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In this video, one woman tells us her best frugal tips for saving money — some of which are quirkier than others.

Through weekly video essays, "Making It Work" showcases how *real* people have upgraded their personal or financial lives in some meaningful way. Making your life work for you doesn't mean getting rich just for the sake of it. It means making the most of what you have to build a life you love, both in your present and in your future. And while managing money is a crucial life skill for everyone, there's no one "right way" to go about it — you have to figure out what works best for *you,* full stop.

Based on an article by Kristi DePaul:

Video narration by Kasey Hott

Video by Grace Lee

The Financial Diet site:

This week's video is sponsored by Fidelity Investments.

Who is up for a bit of wholesome distraction? Our lives have retracted into an ongoing state of crises.

And I don't know about you, but sometimes it's shocking just how gleeful I become over the smallest things-- deleting irrelevant emails, having just enough coffee creamer, my toddler sitting still long enough for me to clip an exceptionally long toenail, Netflix not getting stuck at 25% loaded, or the "25 of doom," as I call it. In a recent bout of escapism, I spent some time thinking about my thrifty ways. I've cataloged some of the random, frugal quirks I hold most dear, because when everything seems to require the utmost concentration and concern, we need an outlet.

And with so much financial uncertainty in these trying times, we could also use a little frugal inspiration. These habits won't make you rich, but they may make you think twice about getting rid of something that could be recycled or repurposed. Are these habits quirky?

Yes. Frugal? Definitely.

Cringeworthy? Your call. Without further ado, a short list of all the frugal quirks I'll never share at parties, but will gladly share with you.

Number one is saving and using hotel goodies for as long as possible. Going camping in the great outdoors? Your hygiene still matters.

Those mini shampoos, conditioners, nail files, et cetera, from past hotel visits in the before times fit so handily into your toiletry bag and are perfect for camping, future trips, or just a pleasant reminder of past vacations when you use them in your shower at home. Expiration dates aside, I have hoarded shampoo from getaways that have gotten me through other getaways, which makes it pretty weird when you're in Norway reminiscing about Bora Bora, or in Scranton but secretly longing to be in LA. Either way, I never let these goodies go to waste.

Number two. Hanging on to my favorite vintage undies. That's right.

Hanging on to comfortable undies for the better part of a decade can be a point of pride. Hear me out. At some juncture, these are the undies that have earned their way into your perma wardrobe.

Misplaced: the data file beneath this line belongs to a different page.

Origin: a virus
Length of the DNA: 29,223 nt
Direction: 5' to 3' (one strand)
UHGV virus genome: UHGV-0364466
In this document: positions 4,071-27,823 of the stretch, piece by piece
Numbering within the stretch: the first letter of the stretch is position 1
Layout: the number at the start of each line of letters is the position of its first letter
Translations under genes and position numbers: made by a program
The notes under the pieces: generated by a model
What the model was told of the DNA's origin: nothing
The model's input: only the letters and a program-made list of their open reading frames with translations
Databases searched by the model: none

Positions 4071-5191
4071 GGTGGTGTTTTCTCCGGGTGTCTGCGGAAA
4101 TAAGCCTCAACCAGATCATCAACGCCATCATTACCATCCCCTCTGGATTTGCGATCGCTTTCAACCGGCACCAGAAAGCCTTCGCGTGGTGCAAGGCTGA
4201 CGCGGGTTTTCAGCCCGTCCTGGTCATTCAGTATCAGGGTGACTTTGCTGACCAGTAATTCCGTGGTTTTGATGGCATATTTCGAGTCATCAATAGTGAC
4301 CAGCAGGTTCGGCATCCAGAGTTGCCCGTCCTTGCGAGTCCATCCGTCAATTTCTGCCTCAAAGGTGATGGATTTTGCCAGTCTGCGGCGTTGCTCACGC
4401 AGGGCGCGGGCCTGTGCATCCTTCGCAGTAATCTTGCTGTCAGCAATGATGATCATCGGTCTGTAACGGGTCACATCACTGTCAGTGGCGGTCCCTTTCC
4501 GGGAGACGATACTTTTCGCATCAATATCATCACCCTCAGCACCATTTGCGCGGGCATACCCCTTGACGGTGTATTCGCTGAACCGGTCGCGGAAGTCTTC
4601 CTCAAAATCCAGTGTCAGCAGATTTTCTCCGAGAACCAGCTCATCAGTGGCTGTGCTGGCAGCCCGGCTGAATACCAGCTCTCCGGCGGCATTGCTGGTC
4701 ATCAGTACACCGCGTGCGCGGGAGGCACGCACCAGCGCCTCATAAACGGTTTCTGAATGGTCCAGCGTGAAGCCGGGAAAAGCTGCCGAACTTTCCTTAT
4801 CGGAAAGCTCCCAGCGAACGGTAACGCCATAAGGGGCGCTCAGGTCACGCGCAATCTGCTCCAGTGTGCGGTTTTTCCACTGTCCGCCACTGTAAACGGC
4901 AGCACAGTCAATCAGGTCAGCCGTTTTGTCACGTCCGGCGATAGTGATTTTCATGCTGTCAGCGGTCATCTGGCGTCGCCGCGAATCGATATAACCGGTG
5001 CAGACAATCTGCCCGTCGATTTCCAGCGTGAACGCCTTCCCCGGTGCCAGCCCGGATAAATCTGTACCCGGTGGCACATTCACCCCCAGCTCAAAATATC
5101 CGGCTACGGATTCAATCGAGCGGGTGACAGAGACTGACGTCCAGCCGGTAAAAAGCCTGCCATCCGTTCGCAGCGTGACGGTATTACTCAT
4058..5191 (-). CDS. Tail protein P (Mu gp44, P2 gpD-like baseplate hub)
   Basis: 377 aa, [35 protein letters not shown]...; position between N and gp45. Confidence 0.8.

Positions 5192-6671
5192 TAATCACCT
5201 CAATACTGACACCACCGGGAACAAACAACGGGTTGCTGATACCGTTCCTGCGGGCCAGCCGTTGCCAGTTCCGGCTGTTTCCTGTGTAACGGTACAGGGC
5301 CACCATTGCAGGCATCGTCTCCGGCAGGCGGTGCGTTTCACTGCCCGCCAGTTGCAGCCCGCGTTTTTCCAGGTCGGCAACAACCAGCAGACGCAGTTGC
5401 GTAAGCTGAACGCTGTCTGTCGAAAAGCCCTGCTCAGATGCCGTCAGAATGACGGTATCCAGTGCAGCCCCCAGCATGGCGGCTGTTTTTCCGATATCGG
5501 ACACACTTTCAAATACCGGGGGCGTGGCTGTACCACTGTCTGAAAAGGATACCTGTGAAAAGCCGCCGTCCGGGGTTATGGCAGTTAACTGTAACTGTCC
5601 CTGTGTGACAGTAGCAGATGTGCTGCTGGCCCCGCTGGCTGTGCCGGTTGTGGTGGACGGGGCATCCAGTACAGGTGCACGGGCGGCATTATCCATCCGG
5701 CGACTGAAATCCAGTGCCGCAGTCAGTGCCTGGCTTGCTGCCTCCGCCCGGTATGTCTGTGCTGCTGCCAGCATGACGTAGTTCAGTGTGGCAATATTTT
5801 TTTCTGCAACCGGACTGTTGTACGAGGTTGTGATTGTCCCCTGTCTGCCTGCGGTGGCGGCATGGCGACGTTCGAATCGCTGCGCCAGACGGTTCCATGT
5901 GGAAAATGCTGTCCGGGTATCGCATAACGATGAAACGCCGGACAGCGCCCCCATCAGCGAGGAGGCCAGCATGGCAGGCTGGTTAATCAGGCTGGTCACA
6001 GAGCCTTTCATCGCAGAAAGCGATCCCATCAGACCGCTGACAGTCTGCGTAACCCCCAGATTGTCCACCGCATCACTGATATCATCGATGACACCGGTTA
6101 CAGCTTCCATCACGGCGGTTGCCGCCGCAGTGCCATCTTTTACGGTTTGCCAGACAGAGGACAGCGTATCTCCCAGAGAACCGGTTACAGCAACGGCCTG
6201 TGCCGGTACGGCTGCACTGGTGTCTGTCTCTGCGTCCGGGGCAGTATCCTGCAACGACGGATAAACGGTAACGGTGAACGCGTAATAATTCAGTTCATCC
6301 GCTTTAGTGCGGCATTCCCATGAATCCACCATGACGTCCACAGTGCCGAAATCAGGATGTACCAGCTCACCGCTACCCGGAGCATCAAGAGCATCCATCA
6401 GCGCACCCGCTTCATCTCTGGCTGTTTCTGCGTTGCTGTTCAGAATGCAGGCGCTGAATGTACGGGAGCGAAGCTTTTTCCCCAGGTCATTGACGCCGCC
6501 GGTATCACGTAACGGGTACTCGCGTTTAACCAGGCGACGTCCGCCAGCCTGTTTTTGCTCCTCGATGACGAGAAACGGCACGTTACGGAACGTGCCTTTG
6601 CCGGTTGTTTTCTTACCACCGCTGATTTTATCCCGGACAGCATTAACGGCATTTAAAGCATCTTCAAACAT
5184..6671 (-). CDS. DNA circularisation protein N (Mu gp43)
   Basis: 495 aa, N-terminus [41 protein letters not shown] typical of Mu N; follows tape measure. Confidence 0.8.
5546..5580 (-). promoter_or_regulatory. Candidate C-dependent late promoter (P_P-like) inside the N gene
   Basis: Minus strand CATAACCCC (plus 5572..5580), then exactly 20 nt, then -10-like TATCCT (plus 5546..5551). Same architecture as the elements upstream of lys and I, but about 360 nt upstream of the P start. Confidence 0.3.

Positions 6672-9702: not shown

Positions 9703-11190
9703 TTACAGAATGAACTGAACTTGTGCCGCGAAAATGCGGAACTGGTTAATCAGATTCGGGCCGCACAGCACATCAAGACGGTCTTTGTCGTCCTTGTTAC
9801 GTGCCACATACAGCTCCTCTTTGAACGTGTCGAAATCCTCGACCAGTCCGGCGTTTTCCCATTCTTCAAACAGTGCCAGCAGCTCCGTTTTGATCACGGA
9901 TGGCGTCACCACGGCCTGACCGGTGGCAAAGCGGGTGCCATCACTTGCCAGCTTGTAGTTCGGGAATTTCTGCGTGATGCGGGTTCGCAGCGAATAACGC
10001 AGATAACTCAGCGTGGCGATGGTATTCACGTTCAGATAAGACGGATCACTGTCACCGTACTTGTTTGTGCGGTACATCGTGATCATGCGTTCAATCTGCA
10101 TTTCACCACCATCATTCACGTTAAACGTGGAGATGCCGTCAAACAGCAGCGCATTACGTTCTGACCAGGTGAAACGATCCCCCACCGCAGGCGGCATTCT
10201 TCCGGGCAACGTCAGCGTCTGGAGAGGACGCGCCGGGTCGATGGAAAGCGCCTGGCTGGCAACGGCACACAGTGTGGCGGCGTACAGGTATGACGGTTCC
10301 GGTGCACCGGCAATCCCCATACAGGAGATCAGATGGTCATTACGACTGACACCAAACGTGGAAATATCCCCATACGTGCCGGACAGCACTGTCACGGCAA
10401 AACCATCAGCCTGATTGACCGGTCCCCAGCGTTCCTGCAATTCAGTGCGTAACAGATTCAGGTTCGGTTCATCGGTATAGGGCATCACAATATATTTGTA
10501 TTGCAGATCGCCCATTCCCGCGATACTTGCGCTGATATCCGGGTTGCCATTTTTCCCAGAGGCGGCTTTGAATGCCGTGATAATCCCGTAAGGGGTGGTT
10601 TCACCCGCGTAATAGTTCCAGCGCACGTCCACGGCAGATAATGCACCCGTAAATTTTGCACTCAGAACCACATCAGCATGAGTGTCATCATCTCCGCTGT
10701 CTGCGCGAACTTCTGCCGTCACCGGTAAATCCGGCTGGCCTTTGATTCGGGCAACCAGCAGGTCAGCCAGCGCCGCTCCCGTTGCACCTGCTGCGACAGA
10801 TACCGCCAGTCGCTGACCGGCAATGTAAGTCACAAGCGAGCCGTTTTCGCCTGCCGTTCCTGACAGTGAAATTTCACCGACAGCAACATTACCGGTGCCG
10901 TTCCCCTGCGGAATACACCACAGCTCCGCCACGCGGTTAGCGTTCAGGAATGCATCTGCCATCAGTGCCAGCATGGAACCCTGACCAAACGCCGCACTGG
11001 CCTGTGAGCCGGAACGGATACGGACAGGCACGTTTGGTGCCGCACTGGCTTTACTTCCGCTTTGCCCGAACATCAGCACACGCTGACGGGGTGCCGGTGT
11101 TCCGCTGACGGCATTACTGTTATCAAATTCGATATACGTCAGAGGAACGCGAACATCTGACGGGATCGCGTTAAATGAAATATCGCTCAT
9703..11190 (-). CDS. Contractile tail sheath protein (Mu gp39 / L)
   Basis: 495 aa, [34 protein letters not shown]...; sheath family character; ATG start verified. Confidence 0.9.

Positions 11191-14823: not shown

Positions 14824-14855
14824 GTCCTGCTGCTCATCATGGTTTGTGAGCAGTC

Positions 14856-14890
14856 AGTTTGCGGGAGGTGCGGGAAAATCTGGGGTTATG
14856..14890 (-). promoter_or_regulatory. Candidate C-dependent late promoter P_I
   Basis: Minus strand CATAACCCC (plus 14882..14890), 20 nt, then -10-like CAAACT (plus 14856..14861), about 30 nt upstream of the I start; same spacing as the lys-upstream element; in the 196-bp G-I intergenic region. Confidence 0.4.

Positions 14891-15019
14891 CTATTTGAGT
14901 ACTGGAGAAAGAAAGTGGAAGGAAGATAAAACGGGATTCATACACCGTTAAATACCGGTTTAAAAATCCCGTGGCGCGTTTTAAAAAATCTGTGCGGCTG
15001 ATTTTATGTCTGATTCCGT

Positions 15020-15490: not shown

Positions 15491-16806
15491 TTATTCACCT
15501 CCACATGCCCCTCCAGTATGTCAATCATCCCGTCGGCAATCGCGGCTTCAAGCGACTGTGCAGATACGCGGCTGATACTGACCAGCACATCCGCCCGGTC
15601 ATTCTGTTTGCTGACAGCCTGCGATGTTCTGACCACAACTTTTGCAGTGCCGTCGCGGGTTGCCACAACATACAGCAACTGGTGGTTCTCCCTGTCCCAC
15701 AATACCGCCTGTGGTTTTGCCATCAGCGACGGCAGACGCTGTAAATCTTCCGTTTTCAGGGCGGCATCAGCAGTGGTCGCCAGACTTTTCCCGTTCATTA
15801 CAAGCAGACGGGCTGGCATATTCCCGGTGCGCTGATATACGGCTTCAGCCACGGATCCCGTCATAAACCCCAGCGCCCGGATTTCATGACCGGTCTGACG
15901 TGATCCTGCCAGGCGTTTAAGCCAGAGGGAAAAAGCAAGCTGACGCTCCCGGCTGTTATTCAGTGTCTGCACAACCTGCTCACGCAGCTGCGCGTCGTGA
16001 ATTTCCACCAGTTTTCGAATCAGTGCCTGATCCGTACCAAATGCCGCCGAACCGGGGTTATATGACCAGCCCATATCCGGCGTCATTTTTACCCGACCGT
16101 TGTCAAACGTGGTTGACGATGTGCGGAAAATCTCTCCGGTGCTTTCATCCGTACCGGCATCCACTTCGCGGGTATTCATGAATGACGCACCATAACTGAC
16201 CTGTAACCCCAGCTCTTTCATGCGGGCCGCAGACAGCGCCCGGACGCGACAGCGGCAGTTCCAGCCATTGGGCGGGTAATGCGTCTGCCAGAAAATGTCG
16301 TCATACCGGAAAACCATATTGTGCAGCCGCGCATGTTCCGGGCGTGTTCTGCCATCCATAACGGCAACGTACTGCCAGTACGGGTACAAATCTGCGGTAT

They are bespoke to you. I have marathon skivvies that have withstood 26.2 miles on two different continents. Don't get me wrong.

They look horrible. But this is about performance combined with comfort. While they may not be anywhere near the sexy undergarments you'd want to be caught wearing in a dress while, I don't know, standing over an exceptionally breezy vent, these are the base layer you need in your life.

In a world where fast fashion reigns supreme, I refuse to feel guilty for hanging on to clothing that still does the job. Number three. Repurposing plastic storage bags of all sizes.

Relegating Ziploc bags to different duties might seem to be the hobby of a certain kind of mother-in-law, or those who have survived the Great Depression. Don't be fooled, though. Millennials and Gen Z are in on this, too.

Not unlike cats, my plastic bags have seen second, third, or fourth lives as containers for sunblock, bandages, and markers. Some have had the particular distinction of becoming garbage bags for especially offensive diapers in the car. Who knew the thing you once stored snacks in or piped cake icing from could be the singular item you were so glad you brought along on the road trip?

Number four. Transforming old shoe boxes into drawer dividers. Marie Kondo, thank you for everything.

Before my daughter was born, I nested like a pro. Now that she is here and is increasingly mobile, how glad I am I that I can pull off a onesie change in the dark? Thanks to some serious organizational skills.

It turns out that shoe boxes make a great home for tiny human clothes, folded in Ms. Kondo's three section signature style. Also, since, "look in the shoe box in the middle drawer" is so damn specific, my husband can easily find them.

And last but certainly not least, this is possibly an excuse to own more shoes, and therefore reason alone to adopt this practice. Number five. Keeping envelopes like they're museum artifacts.

Prepare yourself for the piece de resistance-- saving unused envelopes for an encore performance. You literally have these pouring into your mailbox on a weekly, if not daily, basis, potentially in the form of bills or junky credit card offers. No matter when it comes to the envelope, all are useful.

Those birthday cards you're getting? Keep that outer layer. The bubble mailer your latest Amazon purchase came in?

Time to store some fragile stuff. Sort out receipts, photos, or coupons. Write love letters to your partner, reminders for your kids, or anonymous passive aggressive notes to your roommate.

Or, you know, you could mail something one day. So, there you have it. I feel like you know me better just by listening.

And hey, if you've got some frugal tips of your own to share, feel free to leave them in the comments. As I mentioned, this video is sponsored by Fidelity Investments. They are here to help you reach your savings goals.

And if you're looking for an easy way to finally start investing what you save, check out Fidelity.